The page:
Pacific Philosophical Quarterly, March 2006. Significant effort has been devoted to locating a good argument for Kant ’s Formula of Humanity. In this paper, I contrast two arguments, based on Kant ’s text, for the Formula of Humanity. The first, which I call the “Valued Ends” argument, is an influential and appealing argument developed most notably by Christine Korsgaard and Allen Wood. Notwithstanding the appeal and influence of this argument, it ultimately fails on several counts. I therefore present as an (...) alternative the “Autonomy” argument, which is largely inspired by the failings of the Valued Ends argument. (shrink)
In this paper, I outline a Kantian moral psychology and use it to generate an analysis of the emotional attitude, love. At the heart of this moral psychology is a distinction between rational and subrational motives, and the thesis that interpersonal emotional attitudes like love are governed by a norm of respect. I show how an analysis of love that relies on this moral psychology—which I call “the incorporation conception” of love—tightly fits with paradigmatic cases of romantic love, reveals both (...) the continuities and differences between romantic and other forms of love, and also explicates our ambivalence about certain cases. Finally, I argue that this analysis, although it sees love as essentially a bundle of volitions, has the resources to respond to both David Velleman’s and Niko Kolodny’s critiques of volition-based analyses of love. Taken as a whole, the discussion provides an argument for both this analysis of love and the moral psychology it presupposes. (shrink)
Doing Valuable Time is the kind of book—rarer in philosophy, I think, than one might wish—that invites personal reflection. Boredom, contentment, hope, intention, and decisions about how to spend time (or the lack of freedom to make such decisions) are such familiar pieces of our everyday lives that they can glide by almost without notice. Calhoun’s work equips the reader to contemplate these phenomena as significant consequences and constituents of human nature.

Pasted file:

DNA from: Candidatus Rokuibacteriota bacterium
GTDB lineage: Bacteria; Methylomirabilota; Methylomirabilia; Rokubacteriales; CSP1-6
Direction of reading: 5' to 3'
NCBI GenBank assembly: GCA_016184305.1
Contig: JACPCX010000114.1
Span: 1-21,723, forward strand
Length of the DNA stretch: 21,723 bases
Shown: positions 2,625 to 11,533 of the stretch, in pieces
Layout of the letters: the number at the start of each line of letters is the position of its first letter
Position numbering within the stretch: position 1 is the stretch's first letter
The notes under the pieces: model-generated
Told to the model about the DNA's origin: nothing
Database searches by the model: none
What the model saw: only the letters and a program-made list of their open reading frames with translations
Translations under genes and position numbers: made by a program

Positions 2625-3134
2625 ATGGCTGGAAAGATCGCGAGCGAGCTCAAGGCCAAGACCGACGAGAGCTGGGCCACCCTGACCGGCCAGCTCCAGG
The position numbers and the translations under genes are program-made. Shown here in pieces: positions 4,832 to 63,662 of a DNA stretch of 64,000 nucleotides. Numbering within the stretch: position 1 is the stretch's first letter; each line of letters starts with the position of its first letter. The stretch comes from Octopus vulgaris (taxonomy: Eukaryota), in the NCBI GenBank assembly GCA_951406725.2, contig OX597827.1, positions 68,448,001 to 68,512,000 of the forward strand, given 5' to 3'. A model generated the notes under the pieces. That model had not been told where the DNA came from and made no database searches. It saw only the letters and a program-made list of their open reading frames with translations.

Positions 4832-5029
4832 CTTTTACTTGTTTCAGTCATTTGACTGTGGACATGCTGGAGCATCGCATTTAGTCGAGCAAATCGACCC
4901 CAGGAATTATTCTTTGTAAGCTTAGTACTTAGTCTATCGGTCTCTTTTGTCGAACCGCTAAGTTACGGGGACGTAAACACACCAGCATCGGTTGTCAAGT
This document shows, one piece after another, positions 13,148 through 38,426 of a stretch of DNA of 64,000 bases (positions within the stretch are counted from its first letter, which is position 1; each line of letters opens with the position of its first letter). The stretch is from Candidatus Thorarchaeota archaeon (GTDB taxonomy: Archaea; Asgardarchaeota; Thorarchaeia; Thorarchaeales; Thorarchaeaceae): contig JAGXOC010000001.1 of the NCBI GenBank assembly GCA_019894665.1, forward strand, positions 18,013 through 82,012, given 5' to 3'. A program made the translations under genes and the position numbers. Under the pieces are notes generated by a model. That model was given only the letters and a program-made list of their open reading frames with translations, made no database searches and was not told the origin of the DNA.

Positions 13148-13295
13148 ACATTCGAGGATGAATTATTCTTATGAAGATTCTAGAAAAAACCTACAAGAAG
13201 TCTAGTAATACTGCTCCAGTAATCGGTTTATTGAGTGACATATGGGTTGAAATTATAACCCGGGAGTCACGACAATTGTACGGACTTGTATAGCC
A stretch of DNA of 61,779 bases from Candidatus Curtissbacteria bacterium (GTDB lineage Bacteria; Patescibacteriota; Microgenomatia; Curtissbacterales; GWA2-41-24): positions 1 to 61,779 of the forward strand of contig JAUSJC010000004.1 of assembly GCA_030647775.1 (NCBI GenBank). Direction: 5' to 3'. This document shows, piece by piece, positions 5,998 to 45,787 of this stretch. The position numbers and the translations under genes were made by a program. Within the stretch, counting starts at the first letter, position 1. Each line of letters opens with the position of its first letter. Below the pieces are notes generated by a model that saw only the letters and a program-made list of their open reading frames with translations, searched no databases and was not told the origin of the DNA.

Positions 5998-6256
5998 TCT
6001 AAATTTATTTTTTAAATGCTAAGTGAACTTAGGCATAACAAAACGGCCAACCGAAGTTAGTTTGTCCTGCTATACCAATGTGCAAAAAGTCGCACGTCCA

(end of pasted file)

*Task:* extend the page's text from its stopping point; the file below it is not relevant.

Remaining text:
The dominant consequentialist, Kantian, and contractualist theories by virtue ethicists such as G.E.M. Anscombe, Alisdair MacIntyre, Martha Nussbaum, and Michael Stocker have been criticized for their neglect of the emotions. There are three reasons why it might be a mistake for moral philosophy to neglect the emotions. Emotions have an important influence on motivation, and proper cultivation of the emotions is helpful, perhaps essential, to our ability to lead ethical lives. It is a plausible thesis that an ethical life involves (...) feeling certain ways in certain circumstances and acting from certain feelings in certain circumstances. Some emotions are forms of ethical perception, judgment, or even knowledge. This chapter examines the Ancient ethical tradition that inspires the virtue ethicists' critique, revealing versions of each of these three theses in one guise or another. It first considers the medieval transformations of the ancient doctrines, and then focuses on the third, more contentious thesis, distinguishing several versions of it in the moral philosophies of the seventeenth and eighteenth century and indicating some contemporary exemplars as well. (shrink)
The extent of the approval with which Western culture views the attitude of hope can scarcely be exaggerated. Hope is seen as that which sustains us through wartime, death camps, slavery, natural disaster, extreme disease and disability—it is a light, a beacon, the last spark that fuels us when all else has failed. Hope is also seen as a moral and spiritual virtue—hoping for moral progress in this world, and salvation in the next, is at the heart of a meaningful (...) human life. A positive view of hope infuses Western theology since Aquinas; utopian political philosophy, positive psychology, the self-help culture, the clinical research community, a wide range of activist groups, and a great deal of political rhetoric all maintain the affirmation of hope. The only qualm commonly expressed about hope is that it is sometimes “false:” that is, based on lies or misconceptions. False hope is bad because, first, it is bad to be deceived and, second, it may suck up resources better spent elsewhere. False hope, though, is not genuine hope, and genuine hope is an essential human good. My book Wanting to Pull Clouds will argue that the popular view of hope is vastly and dangerously oversimplified. Much more insidious than false hope is hope that is “genuine” and not based on lies or misconceptions, but that nevertheless bears important conceptual and empirical connections to passivity, inattention, excuse-making and wishful thinking. To be clear, this is not an anti-hope project. Rather, it examines the mechanisms that make hope desirable and virtuous, when it is these things; it becomes clear in the course of this examination that these very.. (shrink)
There are instances where religious beliefs can negatively impact a patient's decision-making capability. Any belief system that categorically prohibits psychiatric treatment in all cases is dangerous. The situation is illustrated through a case of a patient with schizophrenia who refuses to acknowledge her disease because of her religion.
Refusing to pursue recent and possible future developments in medical research is itself a morally momentous decision—and that inaction has consequences Cohen and other right-wing thinkers refuse to acknowledge. -/- .